The view is somewhat at odds with a recently published report from the House of Lords science and technology select committee, which calls for government action on cyber crime.
The Lords report says that to expect consumers to be responsible for their own security is no longer viable, given the sophistication of modern organised cyber criminals, and calls on the government to found a new police cyber crime lab and appoint a government web regulator.
Security specialists agree that more can be done to protect consumers, but don't regard consumers as passive.
"If you have a house you are expected to take basic precautions to prevent burglary," said Neil Cook, head of technical services for security firm Cloudmark.
"If you don't educate consumers, you can't plug the hole."
But what if consumers don't know what a burglar looks like and have never used a lock before?
"Security needs to be end-to-end, encompassing consumer, retailer and ISP," says Cook. His company seeks to eliminate cyber threats such as spam and phishing at ISP level through message filtering.
Cook would like to see government guidelines on security for all e-commerce parties, backed by a programme of consumer education.
Paul Simms, chief executive of 3rd Man, which provides credit card checking facilities for retailers, described the House of Lords report as "bloody unhelpful", adding: "there is more good business [on the internet] than bad by far."
Simms wants retailers to take a more active role, to do more than just accepting card details and to run detailed automated checks on credit card numbers to see if they are stolen cards.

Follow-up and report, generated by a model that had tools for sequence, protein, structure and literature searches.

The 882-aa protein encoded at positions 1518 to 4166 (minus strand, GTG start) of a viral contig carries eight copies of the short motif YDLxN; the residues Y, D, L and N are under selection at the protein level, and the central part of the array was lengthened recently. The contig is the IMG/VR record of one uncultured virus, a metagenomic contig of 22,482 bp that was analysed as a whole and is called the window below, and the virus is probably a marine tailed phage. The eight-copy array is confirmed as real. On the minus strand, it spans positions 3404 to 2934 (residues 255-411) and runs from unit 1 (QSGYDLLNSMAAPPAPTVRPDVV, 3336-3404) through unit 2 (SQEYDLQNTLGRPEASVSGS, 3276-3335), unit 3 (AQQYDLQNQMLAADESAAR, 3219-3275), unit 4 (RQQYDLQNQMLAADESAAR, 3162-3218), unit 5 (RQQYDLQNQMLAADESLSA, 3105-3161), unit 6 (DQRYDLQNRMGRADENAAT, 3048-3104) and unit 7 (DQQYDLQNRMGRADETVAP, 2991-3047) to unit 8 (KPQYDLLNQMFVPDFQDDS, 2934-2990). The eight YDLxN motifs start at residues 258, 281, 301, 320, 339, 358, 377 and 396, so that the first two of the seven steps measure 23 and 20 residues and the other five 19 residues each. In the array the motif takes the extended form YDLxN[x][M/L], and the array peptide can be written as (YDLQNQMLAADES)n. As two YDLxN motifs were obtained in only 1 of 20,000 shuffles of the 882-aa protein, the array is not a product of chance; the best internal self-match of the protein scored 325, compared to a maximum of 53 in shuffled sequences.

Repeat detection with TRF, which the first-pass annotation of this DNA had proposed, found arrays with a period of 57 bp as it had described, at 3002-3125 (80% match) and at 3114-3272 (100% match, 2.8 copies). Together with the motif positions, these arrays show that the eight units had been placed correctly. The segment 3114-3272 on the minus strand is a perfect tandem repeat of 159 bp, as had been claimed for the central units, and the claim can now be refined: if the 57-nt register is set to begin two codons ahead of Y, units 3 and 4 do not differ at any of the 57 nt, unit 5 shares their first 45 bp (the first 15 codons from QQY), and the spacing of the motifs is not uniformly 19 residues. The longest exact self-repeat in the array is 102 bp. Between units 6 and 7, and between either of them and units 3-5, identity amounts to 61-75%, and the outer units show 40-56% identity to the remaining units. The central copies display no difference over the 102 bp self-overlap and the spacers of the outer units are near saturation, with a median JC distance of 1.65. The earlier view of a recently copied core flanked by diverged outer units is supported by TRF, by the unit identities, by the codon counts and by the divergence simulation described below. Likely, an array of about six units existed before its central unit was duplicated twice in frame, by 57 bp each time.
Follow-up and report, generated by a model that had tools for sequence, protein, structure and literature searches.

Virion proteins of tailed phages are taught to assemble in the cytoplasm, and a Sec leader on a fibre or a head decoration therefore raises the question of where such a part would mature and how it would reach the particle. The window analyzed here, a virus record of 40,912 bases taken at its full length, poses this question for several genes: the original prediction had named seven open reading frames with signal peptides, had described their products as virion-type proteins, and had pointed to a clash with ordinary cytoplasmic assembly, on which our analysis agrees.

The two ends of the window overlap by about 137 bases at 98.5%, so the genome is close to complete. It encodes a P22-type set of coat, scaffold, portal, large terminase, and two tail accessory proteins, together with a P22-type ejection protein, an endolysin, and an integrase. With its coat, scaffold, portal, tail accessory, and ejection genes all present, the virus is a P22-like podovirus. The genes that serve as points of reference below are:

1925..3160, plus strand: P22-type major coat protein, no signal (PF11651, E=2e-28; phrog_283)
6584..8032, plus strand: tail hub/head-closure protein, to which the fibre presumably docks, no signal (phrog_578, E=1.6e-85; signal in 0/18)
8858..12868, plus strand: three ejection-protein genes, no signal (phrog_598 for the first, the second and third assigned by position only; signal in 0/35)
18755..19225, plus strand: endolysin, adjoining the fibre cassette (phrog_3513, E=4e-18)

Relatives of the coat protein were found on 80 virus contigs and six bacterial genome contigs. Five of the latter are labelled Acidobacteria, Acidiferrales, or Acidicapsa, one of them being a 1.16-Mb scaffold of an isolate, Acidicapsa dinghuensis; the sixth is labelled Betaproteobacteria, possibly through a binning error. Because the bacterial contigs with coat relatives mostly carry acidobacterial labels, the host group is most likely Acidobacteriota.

"When a consumer goes to a respectable retailer they should have confidence that the retailer will look after their data securely," he says.
Simon Stokes, European sales director of Cybersource, which provides similar services to retailers and banks as 3rd Man, says the problem lies in the number of agencies that play a part in e-commerce and have an interest in combating cyber crime – consumer, retailer, ISP, back-end service providers like Cybersource, banks, police and the government.
"The concern is that if you don't have a co-ordinated effort then you risk a disjointed approach," says Stokes, and calls for a high-profile education campaign for consumers.
"We would welcome the opportunity to participate in a joint campaign to make the internet safer by making consumers more aware of what they can do to protect themselves," he said.
Education and coordination required to combat cyber crime
By Andrew Charlesworth on Aug 13, 2007 2:05PM